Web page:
The Complainant claims common law service mark rights in her personal name 'MEG WHITMAN' due to her fame and achievement, the international recognition and wide publicizing of her fame and achievement and further claims that her fame and achievement are inextricably connected to eBay's commercial success.  The Respondent did not respond to the Complaint. 

Merely having a "famous" name is not sufficient to establish common law trademark or service mark rights in the name.  In cases involving entertainers, authors, professional athletes and to a lesser extent business persons, complainants have been found to have common law marks in their names in circumstances where the name has been used as a marketable commodity, for a fee to promote another's goods or services, or for direct commercial purposes in the marketing of the complainant's own goods or services.  The law of publicity gives well-known individuals the right to control commercial exploitation of their names and likenesses.  However, for common law trademark rights to exist, the personal name must have come to be recognized by the public as a symbol which identifies particular goods or services with a single source.  In this instance, the Panel was unable to conclude that the Complainant had common law service mark rights in her personal name because she did not provide services to the public under the name 'MEG WHITMAN' as a source-indicator to the segment of the public based on her performance as President and CEO of eBay.  Accordingly, the Panel concluded that the Complainant failed to establish common law service mark rights in her personal name and therefore denied the Complaint.

New Generic Top Level Domain Extensions

There are currently 21 generic top-level domain extensions ("gTLDs") (such as, .com, .net, .info, etc.). However, with over a billion current Internet users and an ever-increasing demand for websites, there exists a need for more domain names.  To address this, the Internet Corporation for Assigned Names and Numbers (“ICANN”) has recently developed guidelines and procedures to allow companies to register new gTLDs.  Under this new program, any applicant can establish a new gTLD of any string up to 64 letters, consisting of anything from an abbreviation, to a trademark, or personal name.  ICANN is still soliciting public comment and objections in anticipation of developing an implementation plan for this new program.  So, applications are unlikely not open until the middle of 2009 at the earliest. 

Participation in the new gTLD process is not for everyone, however, as the costs of establishing and maintaining a new gTLD will likely be quite costly.  Registration of new gTLDs will consist of very high start up and participation expenses of approximately $500,000 in the first year alone, including an application evaluation fee of $185,000, a $75,000 ICANN annual fee and various other costs such as the cost of legal representation, fees to registry providers, and compliance and insurance costs.

The new program does have its advantages, as it will allow trademark owners and companies who use it to their advantage to more efficiently brand their products and open up an unlimited amount of new domain names for users.  However, the program will also be a cause for concern to many trademark owners who now must be extra cautious and vigilant in protecting their marks due to the possibility that third parties may seek to register other companies’ trademarks as gTLD domains.  In turn, however, similar to the domain name dispute process already in use, WIPO will administer a process for objecting to new gTLDs available to trademark owners who believe their rights are being infringed upon.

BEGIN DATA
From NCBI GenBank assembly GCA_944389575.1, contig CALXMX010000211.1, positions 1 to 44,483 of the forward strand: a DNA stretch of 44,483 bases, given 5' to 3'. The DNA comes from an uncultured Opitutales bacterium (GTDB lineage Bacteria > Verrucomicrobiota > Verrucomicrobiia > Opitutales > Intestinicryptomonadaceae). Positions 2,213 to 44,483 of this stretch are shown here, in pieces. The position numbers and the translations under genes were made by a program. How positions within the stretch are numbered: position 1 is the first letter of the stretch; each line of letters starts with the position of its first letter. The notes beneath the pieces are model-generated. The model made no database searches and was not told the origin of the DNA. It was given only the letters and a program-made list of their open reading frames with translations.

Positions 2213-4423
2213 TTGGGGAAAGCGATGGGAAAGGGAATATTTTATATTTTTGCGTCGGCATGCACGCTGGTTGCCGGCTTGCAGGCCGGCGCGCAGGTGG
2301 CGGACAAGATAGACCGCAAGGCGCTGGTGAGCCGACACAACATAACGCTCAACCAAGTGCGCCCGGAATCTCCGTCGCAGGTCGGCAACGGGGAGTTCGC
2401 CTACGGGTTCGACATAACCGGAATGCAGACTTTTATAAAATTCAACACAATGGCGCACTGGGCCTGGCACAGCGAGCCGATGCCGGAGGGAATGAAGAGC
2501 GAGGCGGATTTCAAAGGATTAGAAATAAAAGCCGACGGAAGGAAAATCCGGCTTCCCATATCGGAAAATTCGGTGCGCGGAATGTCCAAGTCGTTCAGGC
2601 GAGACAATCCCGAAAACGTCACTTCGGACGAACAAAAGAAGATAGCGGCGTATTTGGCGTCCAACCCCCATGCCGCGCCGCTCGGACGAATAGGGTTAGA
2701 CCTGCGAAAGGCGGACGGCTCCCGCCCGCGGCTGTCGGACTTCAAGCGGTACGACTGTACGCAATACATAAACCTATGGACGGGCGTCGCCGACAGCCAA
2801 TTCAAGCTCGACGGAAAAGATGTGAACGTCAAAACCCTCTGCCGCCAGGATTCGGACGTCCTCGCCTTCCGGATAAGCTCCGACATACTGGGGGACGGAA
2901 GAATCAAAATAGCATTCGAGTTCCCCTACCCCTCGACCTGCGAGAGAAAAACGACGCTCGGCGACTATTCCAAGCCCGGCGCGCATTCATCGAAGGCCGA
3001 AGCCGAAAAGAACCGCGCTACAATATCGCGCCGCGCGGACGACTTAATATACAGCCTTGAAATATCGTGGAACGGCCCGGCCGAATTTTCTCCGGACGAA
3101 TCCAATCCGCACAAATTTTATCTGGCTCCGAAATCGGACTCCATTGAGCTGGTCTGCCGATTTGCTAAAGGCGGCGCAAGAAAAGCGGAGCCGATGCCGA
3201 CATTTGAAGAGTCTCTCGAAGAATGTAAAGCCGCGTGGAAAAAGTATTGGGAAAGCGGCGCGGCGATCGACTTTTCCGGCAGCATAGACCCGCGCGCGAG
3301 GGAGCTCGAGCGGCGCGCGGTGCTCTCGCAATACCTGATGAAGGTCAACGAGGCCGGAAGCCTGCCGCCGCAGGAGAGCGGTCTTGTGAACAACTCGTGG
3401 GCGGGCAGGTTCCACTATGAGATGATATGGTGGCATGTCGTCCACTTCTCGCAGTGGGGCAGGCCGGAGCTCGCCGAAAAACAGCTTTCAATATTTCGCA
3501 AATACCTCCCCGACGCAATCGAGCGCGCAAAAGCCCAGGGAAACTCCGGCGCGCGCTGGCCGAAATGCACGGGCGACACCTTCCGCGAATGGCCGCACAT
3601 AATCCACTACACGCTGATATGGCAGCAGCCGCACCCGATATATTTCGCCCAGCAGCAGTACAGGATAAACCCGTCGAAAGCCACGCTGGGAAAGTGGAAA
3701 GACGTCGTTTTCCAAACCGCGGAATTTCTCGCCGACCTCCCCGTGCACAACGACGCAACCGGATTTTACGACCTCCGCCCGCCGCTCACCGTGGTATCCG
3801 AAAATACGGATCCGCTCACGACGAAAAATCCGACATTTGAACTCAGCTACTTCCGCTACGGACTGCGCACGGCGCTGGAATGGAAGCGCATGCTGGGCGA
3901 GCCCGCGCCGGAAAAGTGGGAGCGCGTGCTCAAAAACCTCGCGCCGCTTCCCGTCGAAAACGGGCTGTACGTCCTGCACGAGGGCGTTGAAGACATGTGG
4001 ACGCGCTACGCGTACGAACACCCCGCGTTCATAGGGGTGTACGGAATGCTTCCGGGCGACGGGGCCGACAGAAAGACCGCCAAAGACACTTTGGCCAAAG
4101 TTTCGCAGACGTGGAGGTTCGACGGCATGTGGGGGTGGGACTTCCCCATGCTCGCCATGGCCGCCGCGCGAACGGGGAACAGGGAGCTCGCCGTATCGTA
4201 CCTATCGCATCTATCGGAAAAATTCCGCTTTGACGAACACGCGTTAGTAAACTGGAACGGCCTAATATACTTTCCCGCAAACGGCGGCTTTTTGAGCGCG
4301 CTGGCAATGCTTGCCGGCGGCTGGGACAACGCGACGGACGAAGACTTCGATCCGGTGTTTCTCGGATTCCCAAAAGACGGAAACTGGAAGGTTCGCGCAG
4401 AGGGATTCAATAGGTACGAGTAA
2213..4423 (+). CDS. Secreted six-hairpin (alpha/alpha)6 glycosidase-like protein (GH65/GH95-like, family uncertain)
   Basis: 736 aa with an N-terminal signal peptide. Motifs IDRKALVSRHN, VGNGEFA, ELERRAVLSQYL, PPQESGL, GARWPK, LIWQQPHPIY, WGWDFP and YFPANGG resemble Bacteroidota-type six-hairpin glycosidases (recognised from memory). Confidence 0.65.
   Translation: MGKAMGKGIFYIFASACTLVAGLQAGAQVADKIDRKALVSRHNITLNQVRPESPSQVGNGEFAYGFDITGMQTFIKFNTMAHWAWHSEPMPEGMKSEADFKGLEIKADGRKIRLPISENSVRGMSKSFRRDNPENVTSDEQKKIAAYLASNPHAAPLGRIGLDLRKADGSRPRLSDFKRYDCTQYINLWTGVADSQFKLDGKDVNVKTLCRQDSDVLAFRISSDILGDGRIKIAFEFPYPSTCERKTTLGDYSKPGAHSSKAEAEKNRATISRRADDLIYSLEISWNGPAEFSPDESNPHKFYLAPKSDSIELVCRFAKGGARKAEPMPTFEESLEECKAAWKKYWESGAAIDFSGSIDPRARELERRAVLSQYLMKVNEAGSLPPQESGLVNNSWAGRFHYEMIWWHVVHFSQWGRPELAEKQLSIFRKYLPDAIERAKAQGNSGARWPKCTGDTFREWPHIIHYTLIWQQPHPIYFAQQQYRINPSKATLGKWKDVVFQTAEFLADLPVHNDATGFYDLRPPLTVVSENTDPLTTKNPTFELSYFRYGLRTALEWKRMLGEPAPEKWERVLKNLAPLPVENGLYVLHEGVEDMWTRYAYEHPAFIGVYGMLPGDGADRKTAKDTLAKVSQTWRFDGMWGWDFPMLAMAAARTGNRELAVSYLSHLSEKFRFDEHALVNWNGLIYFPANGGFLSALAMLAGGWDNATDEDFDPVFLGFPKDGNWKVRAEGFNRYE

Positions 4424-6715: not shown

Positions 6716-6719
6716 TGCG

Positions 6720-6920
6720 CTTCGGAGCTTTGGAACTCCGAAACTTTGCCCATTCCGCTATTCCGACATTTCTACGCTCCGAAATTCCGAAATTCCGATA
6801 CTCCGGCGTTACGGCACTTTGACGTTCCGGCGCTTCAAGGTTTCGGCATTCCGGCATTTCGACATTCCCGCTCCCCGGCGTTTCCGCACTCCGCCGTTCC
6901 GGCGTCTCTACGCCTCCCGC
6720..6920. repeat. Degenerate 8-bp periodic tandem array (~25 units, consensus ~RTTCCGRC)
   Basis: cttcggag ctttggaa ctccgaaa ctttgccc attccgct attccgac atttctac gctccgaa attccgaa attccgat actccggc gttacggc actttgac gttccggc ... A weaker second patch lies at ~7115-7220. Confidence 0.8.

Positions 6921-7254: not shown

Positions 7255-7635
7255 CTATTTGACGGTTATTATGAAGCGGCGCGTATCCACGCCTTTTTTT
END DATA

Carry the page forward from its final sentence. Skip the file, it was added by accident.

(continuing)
And The Disputed Domain Name Winner Is . . .

In this WIPO dispute, Complainant sought transfer of the disputed domain names "" and "".  Complainant's Golden Globe Award Ceremony is world famous and Complainant is the registered owner of three US trademark registrations for "GOLDEN GLOBE" covering, among other things, services associated with its award ceremony.

The disputed domain names were not in use and were not connected to any website.  Complainant sent Respondent a cease and desist letter, but got no reply to that or its WIPO Complaint.  The Panel ordered that the disputed domain names be transferred to Complainant, holding that Respondent did not appear to have any legitimate rights or interest in the disputed domain names and that they had been registered and used in bad faith.  In so holding, the Panel accepted Complainant's argument that Respondent had registered the domains with the intention of selling them at a profit.  In that regard, the Registrar's Whois database identified the Administrative Contact of the domains as "Sale, For" (i.e. For Sale).  The Panel believed that, under the circumstances, Complainant's argument was a reasonable assumption, particularly since Respondent had not challenged the allegation.  Given that Respondent had no active use planned for the domains and they had remained unused for over 10 years, the Panel accepted that their sale was Respondent's objective at the date of registration. Registration of a domain name with knowledge that it reproduces the Complainant's trademark and with a view to profiting from its sale is bad faith registration and use, warranting transfer of the disputed domain names. Hollywood Foreign Press Association v. F.M.I., WIPO Case No. D2008-1610

My Name, Your Domain Name

Complainant, Peter Bober, is an attorney and mayor of the city of Hollywood, Florida. He is the youngest mayor ever elected to this position and the first of Cuban ancestry.  Mr. Bober and his wife have a law practice, Bober & Bober, P.A., located in Hollywood, Florida, where they specialize in employment law.  He has published legal articles in various law journals and is active in the Hollywood, Florida community. 

Despite this, the Panel denied Mr. Bober's Complaint which sought transfer of the disputed domain name, "".  The disputed domain was not being actively used by Respondent. However, in denying the Complaint, the Panel determined that Mr. Bober had failed to show that his name, Peter Bober, had achieved common law trademark rights as it was not identified with a particular business.  As a general matter, personal names are not protected under the Policy, including the personal names of business men and politicians, unless the business person has established that his name is synonymous with a particular business and that good will exists not only in the name of the business but in the name of the individual with which it is identified, or where a politician has derived commercial success from the use of his name, such as through the authorship of commercially successful books.  In this case, Mr. Bober's law practice was called "Bober & Bober P.A.".  The Panel commented that if he had perhaps been offering legal services under the name "Law Offices of Peter Bober", the result of this case may have been different.  Although Mr. Bober has been published, his authored articles were of a scholarly nature, not commercially successful books. Under all of these circumstances, common law trademark rights in a personal name were not established by Complainant. Peter Bober v. National Institute for Mortgage Education, WIPO Case No. D2008-1668